The Echo Shows Auto Sleep option under Clock and Photo Display settings

Brightness Settings

Did you know that you can manually change the brightness of your Echo Show screen just by swiping down from the home screen?

The location of the Brightness option when swiping down
The location of the Brightness option when swiping down

All you need to do is swipe down, click “Brightness” and you’ll be able to see the brightness slider. You can turn down the brightness as far as you want or crank it up if you need things to be a little brighter:

The brightness slider adaptive brightness and sunrise effect options on an Echo Show 8
The brightness slider adaptive brightness and sunrise effect options on an Echo Show 8

This is a great choice for making on the Fly adjustments. If things are just a little too bright at the moment, just swipe down from the home screen and you can get in control of your screen brightness right away.

Adaptive Brightness

Adaptive brightness is also a great future when it comes to dimming things on your Amazon Echo Show.

Adaptive brightness adjusts the ambient light levels in the room and adjusts your screen to match. This means your screen will get dimmer when the room is darker and the screen will get brighter when the room is more brightly lit.

This feature is a great choice when combined with night mode for the auto sleep setting.

Here’s how you can turn on adaptive brightness on your Echo Show:

  • Swipe down and click “Brightness”..
  • OR go to “Settings” and then “Display”
  • Toggle Adaptive Brightness On

This is in the same screen as the brightness slider covered above, but there’s a few extra options:

The adaptive brightness sunrise effect and adaptive color options on an Echo Show 8
The adaptive brightness sunrise effect and adaptive color options on an Echo Show 8

Do Not Disturb Mode

No matter what path you take for disabling the Amazon Echo Show screen or adjusting its brightness, you want to make sure that you have a do not disturb mode set up.

Do Not Disturb prevents any notifications from brightening up your screen. However, reminders and alarms will still go through.

This is vital for preventing your screen from turning on even if you have adaptive brightness settings and night mode already activated. If you aren’t near your Echo Show, you’ll be able to set up a do not disturb mode in the Alexa app. Here’s how you can set it up quickly:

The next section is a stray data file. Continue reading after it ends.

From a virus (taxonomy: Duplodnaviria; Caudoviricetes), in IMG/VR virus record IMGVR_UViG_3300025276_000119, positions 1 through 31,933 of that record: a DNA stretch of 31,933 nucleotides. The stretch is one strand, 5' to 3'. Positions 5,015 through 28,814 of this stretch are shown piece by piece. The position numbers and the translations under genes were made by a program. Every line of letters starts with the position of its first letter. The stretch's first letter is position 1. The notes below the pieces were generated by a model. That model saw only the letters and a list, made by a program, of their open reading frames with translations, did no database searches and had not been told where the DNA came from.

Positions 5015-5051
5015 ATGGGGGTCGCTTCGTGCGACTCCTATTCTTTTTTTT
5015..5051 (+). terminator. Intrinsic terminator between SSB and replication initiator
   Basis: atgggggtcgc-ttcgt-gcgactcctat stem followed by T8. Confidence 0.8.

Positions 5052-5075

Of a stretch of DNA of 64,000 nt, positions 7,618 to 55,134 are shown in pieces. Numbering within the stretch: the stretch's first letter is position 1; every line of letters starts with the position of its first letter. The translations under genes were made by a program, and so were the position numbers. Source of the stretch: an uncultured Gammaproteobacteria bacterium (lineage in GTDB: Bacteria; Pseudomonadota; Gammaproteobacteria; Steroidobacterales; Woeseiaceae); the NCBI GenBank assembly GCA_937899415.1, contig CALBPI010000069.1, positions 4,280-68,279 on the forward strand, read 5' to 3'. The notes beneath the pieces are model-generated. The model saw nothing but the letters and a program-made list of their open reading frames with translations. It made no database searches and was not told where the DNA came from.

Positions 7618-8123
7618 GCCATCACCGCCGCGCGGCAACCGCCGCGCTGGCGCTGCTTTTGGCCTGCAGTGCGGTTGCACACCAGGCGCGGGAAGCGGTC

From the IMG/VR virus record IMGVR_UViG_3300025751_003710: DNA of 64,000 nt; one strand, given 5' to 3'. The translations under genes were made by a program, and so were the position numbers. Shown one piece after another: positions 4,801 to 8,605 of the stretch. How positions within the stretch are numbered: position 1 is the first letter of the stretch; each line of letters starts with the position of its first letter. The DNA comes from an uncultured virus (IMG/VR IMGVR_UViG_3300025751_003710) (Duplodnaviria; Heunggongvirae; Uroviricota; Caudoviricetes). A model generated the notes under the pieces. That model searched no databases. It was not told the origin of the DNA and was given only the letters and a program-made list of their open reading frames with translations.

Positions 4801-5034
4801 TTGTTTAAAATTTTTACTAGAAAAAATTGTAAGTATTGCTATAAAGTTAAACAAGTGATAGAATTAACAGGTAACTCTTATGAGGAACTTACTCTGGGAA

• Open your Alexa app
  • Select Devices
  • Select Echo & Alexa
  • Select your Echo Show
  • Tap Do Not Disturb
  • Toggle Do Not Disturb on or off

You can also swipe down and go to “Do Not Disturb” and see all the settings on the Echo Show itself:

The Do Not Disturb options on an Echo Show 8 gen 2
The Do Not Disturb options on an Echo Show 8 gen 2

Disable Ambient Clock

Want to really make Do Not Disturb mode work? You’re going to need to disable the ambient clock feature.

This is the feature that makes the screen display a basic clock even when everything else has been turned off. This could be a useful feature, but sometimes you just need to dim the lights and fully turn off the screen.

Here’s how to disable, and then enable, your ambient clock as needed.

  • Settings
  • Clock & Photo Display
  • Scroll down and toggle the “Ambient Clock” Setting (also sometimes called “Night-Time Clock”)

Turning Off Amazon Echo Show Screen with Voice Commands

By far the easiest way to turn off the Amazon Echo Show screen is by using a voice command. All you need to do is say “Alexa, turn off the screen” and your Echo Show will automatically go dark.

This is the easiest way to stay in control of your screen. However, it does have some specific rules about when and how it works.

This turns your screen off until you interact with your Echo Show again. This means that notifications will turn the screen back on and so will tapping the screen or using your Echo Show.

However, you’ll still be able to use voice commands with the screen off. Your Echo Show is still on and running, but this voice command turns the screen.

Use a Smart Plug to Turn Off the Screen

Two smart plugs Hue and Kasa side by side
Two smart plugs Hue and Kasa side by side

If you want to get really clever and use some DIY smart home fun to turn off your Echo Show screen, you can add a smart plug to the system.

All you need to do is plug your Echo Show into a smart plug and then connect that into the socket in your wall. You can then control that smart plug with whatever app you use to control all of your smart devices. Just tap the “off” button in the app, to turn your Echo Show off completely:

The dashboard of the Kasa app showing a Kasa smart plug
The dashboard of the Kasa app showing a Kasa smart plug

When you want it back on, just press the “on” button in the app (or use a voice command, if you’ve integrated your smart plug with a smart speaker) and your Echo Show will come back on.

This is a great option because it puts you in control of turning on and off your Echo Show when you’re out of the house. This is the best choice for keeping your Echo Show in check when you’re gone for work or on vacation.

Best of all, it introduces you to the world of smart plugs. These are some of the most underrated smart devices that you can pick up today. They add so much additional smart functionality beyond just turning off your Echo Show when you’re out of the house.